Wednesday, February 22, 2012

Sticky rice with Chinese sausage, pork floss & fried onions

There are people in our lives that even though are not close to us, stay in our mind forever. They are part of our everyday life for a while, and then are gone, but we will always remember them because without them, that part of our lives wouldn't be the same.

For me, there was many when I was a kid growing up in Vietnam. There was the lady with the newspaper stall that my mom & I would stop by every Wednesday to pick up our reading. There was the stick thin man who was so poor that all he had was a cubic shack made of pieces of tole & raincoats; he would guard people's motorbikes while they would go eat at one of the many restaurants on our street. The Chinese man with his small glass cart of green papaya & beef jerky salad who would click his giant scissors to let us know that he was around. Once in a while there was the peanut candy man with a boombox playing loud cheesy music who made me turn up the volume on my Walkman.



But there was one in particular that I would see almost every morning during my summer vacations: the sticky rice lady. She would walk from street to street balancing her two baskets of different kinds of sticky rice while simultaneously chanting: "Sticky rice! Sticky rice! Who wants sticky rice?" and her pace would slow down whenever she reached our gate. She would stay a little while longer in the front until I faithfully ran down the stairs yelling: "Sticky rice lady!" She always had many kinds of sticky rice in one basket: red grain, cochinchin gourd, corn, pandan, peanut, and in the other one, there was condiments: mung bean paste, sesame seeds, ground peanuts, sesame salt, tapioca strings, coconut flakes.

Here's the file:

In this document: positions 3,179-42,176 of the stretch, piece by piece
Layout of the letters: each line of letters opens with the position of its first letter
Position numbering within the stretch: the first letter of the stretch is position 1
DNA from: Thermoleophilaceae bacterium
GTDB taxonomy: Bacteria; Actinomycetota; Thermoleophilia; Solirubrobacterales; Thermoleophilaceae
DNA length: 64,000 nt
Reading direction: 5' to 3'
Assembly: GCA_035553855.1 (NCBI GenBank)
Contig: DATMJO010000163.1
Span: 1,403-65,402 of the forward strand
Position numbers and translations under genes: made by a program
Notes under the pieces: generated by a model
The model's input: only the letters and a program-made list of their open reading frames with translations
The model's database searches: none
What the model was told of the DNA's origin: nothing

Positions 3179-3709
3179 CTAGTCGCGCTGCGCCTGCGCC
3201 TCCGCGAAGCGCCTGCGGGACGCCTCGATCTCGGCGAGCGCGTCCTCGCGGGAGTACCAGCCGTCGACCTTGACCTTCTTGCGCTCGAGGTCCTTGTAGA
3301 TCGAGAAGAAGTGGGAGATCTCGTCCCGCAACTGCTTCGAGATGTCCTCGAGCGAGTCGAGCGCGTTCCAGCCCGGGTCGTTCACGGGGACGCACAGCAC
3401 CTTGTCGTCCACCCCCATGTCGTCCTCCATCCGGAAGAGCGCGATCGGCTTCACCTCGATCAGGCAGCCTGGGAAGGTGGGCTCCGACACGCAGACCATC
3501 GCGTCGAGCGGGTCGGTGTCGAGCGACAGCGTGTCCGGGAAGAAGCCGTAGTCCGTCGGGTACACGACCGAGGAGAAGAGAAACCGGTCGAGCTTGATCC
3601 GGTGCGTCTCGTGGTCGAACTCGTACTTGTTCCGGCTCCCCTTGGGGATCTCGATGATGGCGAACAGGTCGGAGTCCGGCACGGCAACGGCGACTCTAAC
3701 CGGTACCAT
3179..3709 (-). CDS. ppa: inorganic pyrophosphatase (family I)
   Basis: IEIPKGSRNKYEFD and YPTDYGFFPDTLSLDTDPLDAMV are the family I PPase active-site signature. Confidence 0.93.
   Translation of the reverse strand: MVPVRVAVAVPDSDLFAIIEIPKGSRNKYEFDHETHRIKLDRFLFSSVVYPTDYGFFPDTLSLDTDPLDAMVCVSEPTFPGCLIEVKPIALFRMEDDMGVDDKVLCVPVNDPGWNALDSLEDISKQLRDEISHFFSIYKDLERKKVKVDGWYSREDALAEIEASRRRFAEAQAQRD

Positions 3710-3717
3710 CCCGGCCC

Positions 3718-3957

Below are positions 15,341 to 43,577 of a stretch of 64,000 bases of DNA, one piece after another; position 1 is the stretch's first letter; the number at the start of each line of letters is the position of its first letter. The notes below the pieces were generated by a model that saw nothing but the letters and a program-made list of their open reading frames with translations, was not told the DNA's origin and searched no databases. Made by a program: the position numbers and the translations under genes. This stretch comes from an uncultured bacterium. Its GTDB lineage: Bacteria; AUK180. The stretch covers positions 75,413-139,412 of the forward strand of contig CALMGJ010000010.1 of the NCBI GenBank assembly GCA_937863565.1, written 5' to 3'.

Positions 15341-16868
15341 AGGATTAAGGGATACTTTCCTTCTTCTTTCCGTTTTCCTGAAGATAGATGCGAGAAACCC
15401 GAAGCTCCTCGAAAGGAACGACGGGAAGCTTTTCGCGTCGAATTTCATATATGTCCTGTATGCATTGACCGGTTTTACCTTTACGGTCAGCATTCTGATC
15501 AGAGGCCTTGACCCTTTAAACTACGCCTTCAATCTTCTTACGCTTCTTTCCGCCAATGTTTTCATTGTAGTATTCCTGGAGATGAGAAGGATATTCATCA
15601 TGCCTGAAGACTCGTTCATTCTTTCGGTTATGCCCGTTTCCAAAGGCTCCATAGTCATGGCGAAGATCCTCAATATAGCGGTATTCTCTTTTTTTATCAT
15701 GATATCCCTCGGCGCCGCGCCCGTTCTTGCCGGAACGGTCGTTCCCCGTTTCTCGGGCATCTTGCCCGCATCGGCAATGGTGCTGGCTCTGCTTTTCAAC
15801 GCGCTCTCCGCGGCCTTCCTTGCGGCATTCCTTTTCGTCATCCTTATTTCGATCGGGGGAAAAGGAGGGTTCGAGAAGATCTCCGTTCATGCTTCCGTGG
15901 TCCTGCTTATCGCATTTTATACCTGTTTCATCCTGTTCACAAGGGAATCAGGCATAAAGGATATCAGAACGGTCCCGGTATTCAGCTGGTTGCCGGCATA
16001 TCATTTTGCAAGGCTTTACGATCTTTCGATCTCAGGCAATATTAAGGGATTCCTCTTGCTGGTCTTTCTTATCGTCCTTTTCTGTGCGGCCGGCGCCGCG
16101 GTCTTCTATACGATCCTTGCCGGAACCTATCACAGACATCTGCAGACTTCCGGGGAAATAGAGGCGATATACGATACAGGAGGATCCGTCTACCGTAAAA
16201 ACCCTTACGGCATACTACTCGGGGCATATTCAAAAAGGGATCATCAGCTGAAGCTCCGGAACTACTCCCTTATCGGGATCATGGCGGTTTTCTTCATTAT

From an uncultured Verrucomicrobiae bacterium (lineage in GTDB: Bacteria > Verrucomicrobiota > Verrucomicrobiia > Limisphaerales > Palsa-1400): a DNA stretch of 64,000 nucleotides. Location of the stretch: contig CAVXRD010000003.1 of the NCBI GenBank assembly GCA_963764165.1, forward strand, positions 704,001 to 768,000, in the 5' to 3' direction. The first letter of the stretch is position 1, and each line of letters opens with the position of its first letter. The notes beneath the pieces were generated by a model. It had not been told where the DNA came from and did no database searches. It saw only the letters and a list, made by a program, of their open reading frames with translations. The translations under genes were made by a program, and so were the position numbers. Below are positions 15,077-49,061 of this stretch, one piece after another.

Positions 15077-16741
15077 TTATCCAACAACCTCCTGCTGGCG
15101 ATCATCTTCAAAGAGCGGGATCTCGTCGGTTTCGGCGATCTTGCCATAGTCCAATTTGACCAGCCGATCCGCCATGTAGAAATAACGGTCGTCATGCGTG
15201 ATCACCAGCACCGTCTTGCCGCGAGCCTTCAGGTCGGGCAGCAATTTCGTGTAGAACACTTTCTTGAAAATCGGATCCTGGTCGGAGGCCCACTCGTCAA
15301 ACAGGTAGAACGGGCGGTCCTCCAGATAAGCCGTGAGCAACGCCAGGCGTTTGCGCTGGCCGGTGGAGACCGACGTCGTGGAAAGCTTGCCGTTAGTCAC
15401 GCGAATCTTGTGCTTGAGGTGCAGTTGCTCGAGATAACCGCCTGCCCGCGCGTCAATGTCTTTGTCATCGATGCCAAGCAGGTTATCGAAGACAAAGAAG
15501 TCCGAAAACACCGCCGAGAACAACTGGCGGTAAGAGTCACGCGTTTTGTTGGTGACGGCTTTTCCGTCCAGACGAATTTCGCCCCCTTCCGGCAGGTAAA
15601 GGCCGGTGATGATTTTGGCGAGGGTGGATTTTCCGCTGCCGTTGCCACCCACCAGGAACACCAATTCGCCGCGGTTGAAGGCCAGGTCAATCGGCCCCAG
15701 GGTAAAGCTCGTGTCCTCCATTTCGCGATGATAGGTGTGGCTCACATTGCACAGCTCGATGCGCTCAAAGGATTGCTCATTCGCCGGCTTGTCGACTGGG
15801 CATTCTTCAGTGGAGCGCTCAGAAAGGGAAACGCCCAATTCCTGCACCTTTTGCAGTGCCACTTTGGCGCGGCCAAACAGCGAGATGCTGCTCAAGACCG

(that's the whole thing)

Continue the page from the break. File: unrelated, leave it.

*drool*

I tried everything she made, but my favorite was always the combination of pandan sticky rice, slathered with mung bean paste, topped with a few fat chewy tapioca strings, sprinkled with coconut flakes and all wrapped into a roll with a rice paper (the kind we use in torrone)

Don't judge me.

Now that I'm older, I make my own sticky rice and  here I share with you another of my favorite: "xoi lap xuong cha bong" that I made for Tet which everyone really enjoyed.

Xoi lap xuong cha bong ( Sticky rice with Chinese sausage & pork floss)
(serves 4)
  • 2 cups of glutinous rice
  • 4 Chinese sausages 
  • 2 sprigs of green onion, sliced
  • a handful of pork floss (I bought mine at the Asian grocery store)
  • few drizzles of soy sauce
  • fried onions (also bought at the Asian grocery store)
Soak the rice in cold water over night & make sure the water line is way above the rice line. When ready to cook, drain & steam in a bamboo steamer or a regular one for about 10-15 minutes. You should check after 10 minutes to see how much longer you need, because it all depends on how long you've soaked the rice.You can also cook the rice in a rice cooker but the texture will be a bit more gooey.

Boil the sausages for a few minutes so they don't dry out when cooked and get too hard to chew, then slice them up. Heat a pan over medium heat, cook the sausages for a few minutes, then a minute right before it's done, drizzle some soy sauce over it and toss in the green onions.

Mix the sausages into the sticky rice. Top with pork floss, fried onions and serve!


Many years later, after I've moved to Canada, one of the first things my grandma said to me when I came back to visit was: "The sticky rice lady still asked about you for a long time after you were gone. She doesn't come around anymore because she knows you don't live here anymore"

...I realized that I never asked her name. After all those years!!! *sigh*

Thursday, January 19, 2012

Vietnamese mango & shrimp salad